After hearing discussion from Minnesota Department of Natural Resources personnel and Hartford Township members, the Todd County Board of Commissioner unanimously denied the land acquisition by the DNR of a property located about a mile and a half from Browerville. Beau Liddell, the area wildlife manager, along with Rick Walsh and Susan Makki, also from the DNR, presented the DNR’s desire to purchase this land-locked parcel. The parcel is located on County Road 14 and is 9.87 acres. Liddell said they have been working over the past year to acquire the parcel as an addition to the 132 acre Sheets Lake Wildlife Management Area (WMA). As background, Liddell explained that “WMAs are acquired and developed for purposes of protecting wildlife populations, as well as to provide compatible public recreation, such as hunting, trapping, wildlife-watching and hiking. Other activities such as horse, ATV and OHV riding are prohibited on WMAs.” The DNR—Section of Wildlife “presently manages 30 WMAs in Todd County encompassing about 7526 acres, or 1.2% of the county land base, and has several interests in purchasing this tract as an addition to the Sheets Lake WMA,” wrote Liddell in a letter to the county. Liddell further said that “the parcel, currently owned by JP Morgan Chase Bank N.A., entered foreclosure and has been vacant since 2012. It was argued that the property does not have any legal access, and is bordered on 2 sides by the WMA. “...access to the north end of the WMA has always been poor, acquiring this parcel would enhance public access for recreational purposes, and significantly improve [the] capacity to manage wildlife habitat on that part of the WMA,” wrote Liddell. It was said that the previous owner was unsuccessful in selling the property prior to foreclosure and that the bank is not currently working with any other buyers. “Due to the lack of legal access and the overall poor condition of the buildings, it is highly likely that the property will remain vacant and continue to deteriorate. If the State is allowed to acquire the property, the DNR will pay all costs related to demolishing the buildings and sealing the well. Therefore, we believe that acquiring this property as an addition to the WMA would be the best solution to this situation,” said Liddell. The DNR requires county approval to purchase the land. Commissioner David Kircher said that members of the Hartford Town Board were present and that they were opposed to this sale to the DNR. He said that he had held discussions with Liddell and the town board on whether or not this was a land locked property. Liddell said that the legal description shows the property is landlocked. He said there would be no vehicle access only on foot. He added that if the property were sold to another buyer, there would be no guaranteed vehicle access to it. He said the state was not in a position to provide vehicle access. Eugene Irsfeld said that the road that goes to the property off County Road 14 was kept open to the hay shed. “We put gravel on it in 2010 because the DNRhad torn it up,” said Irsfeld. Liddell contended that the access was never verified. Walsh said that they would have to show that the access existed since at least 1940 which would be difficult for the bank or the previous owner to prove. Citizen Wayne Carstensen said that the road in question had been used as a bus turn around for years and he had been in the area his whole life. Liddell said that the WMA areas around this parcel had been purchased in 1963 and 1964.“It is still a road. You can’t take it from us just to take it,” said Carstensen. Liddell said that it may be different related to if the land was public land or private land. Carstensen said that they may own the land, but not the road. “If it was your own road you could tear it up, plow it up, plant it, do whatever you wanted to with it, but that wasn’t done,” said Carstensen. Makki said that the “underlying fee owner would own the road.” She said the owner could grant easements. “But there is no legal easement,” said Walsh. “The intent is not to damage the township. Having legal access to the property would only increase the value of the property,” said Makki. Commissioner Randy Neumann reminded the DNR members about the county’s 2005 No Net Gain policy. Liddell said that it was not legally binding according to the county attorney’s opinion at the time. There was some discussion on the taxes that would or would not be paid on the property if the DNR had ownership. County Assessor Chris Odden said that the DNR would pay three quarters of 1% of the assessed value. Neumann argued that the DNR does not pay school taxes. Walsh said that he understood that the Payment in Lieu of Taxes (PILT) payments were dispersed equally to all taxing authorities including the schools. Gaida confirmed that the payments were split out to the different entities. Liddell said that there is no access easement to the other end of the property either. “It [our access] has been solely at the discretion of the landowner on that end. We don’t have access at certain times depending on the time of the year or other factors,” said Liddell. One of the supervisors for Hartford said that he hardly ever saw anyone use the property at any time of the year and that he went past it every day. He added that he felt it would be a waste of an opportunity for someone to live on the property. Carstensen said that he was “totally against them buying this land. Totally.” Citizen Terry Rickbeil said that in the Hartford meeting records, the township was in full support of the No Net Gain Policy and that was the position they were still taking. Neumann commented to the DNR representatives, “At least you didn’t use Pheasants Forever to back door us on it.” Neumann made a motion to deny the acquisition and to show support of the township who is against it. Kircher made the second.“I usually don’t oppose these kinds of things, but I will respect the wishes of the town board,” said Kircher. A denial at this point would result in the DNR notifying the bank that they had not been successful. Makki said the property had been listed since 2010. She said they did not know what the bank would do. Liddell said in his letter that, “According to the bank’s attorney, it is not uncommon for large, national lenders to allow foreclosed properties such at this to go tax forfeit. If this acquisition isn’t approved and if the property enters tax forfeit status, not only might illegal activity on the tract increase, but the county would only receive an annual administrative PILT payment of $1.50 per acre, or $15 total for the parcel (based on 2016 rates). It’s important to note that if the DNR assumes control of property after going tax-forfeit, only the lower administrative PILT would be received in the future as opposed to the higher hunting PILT.” to this point, the bank has been paying the annual taxes. Auditor/Treasurer Denise Gaida said that the county has had many calls on this parcel by people interested in purchasing it, but haven’t had clear direction on who to contact. Kircher said that the big question remained on whether the parcel was land locked or not. He said this will likely come before the board again. By roll call vote, all five commissioners voted to deny the acquisition. Erickson said he too was listening to the town board’s request and that it was best at this time to deny the DNR’s request.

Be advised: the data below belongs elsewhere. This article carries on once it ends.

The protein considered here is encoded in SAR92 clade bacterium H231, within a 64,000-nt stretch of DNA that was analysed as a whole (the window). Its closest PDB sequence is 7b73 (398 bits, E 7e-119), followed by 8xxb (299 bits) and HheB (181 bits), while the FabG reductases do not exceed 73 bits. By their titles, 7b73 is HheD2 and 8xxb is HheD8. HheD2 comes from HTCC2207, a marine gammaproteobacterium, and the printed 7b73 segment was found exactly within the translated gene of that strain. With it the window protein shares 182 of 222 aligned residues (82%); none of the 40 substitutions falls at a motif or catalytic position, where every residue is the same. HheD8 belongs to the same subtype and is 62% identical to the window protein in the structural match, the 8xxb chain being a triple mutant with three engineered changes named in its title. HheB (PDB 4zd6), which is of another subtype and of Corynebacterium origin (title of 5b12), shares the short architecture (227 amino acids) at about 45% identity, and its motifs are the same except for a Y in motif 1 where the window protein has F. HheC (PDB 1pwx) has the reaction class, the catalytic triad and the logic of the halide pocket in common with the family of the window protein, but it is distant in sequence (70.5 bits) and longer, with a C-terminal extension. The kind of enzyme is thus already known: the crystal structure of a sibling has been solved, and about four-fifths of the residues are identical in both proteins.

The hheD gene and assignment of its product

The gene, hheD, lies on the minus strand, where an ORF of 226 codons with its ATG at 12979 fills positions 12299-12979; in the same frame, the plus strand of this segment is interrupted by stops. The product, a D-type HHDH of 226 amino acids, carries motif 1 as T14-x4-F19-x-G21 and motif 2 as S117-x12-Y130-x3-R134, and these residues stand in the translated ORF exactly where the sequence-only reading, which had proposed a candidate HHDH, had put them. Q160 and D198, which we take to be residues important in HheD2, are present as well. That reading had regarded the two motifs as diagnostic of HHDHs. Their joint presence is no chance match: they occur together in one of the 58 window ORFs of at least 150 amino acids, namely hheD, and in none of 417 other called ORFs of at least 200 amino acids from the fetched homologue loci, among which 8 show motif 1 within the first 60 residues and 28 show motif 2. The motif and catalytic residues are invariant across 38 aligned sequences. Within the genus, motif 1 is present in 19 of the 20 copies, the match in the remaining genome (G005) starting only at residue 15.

In other business: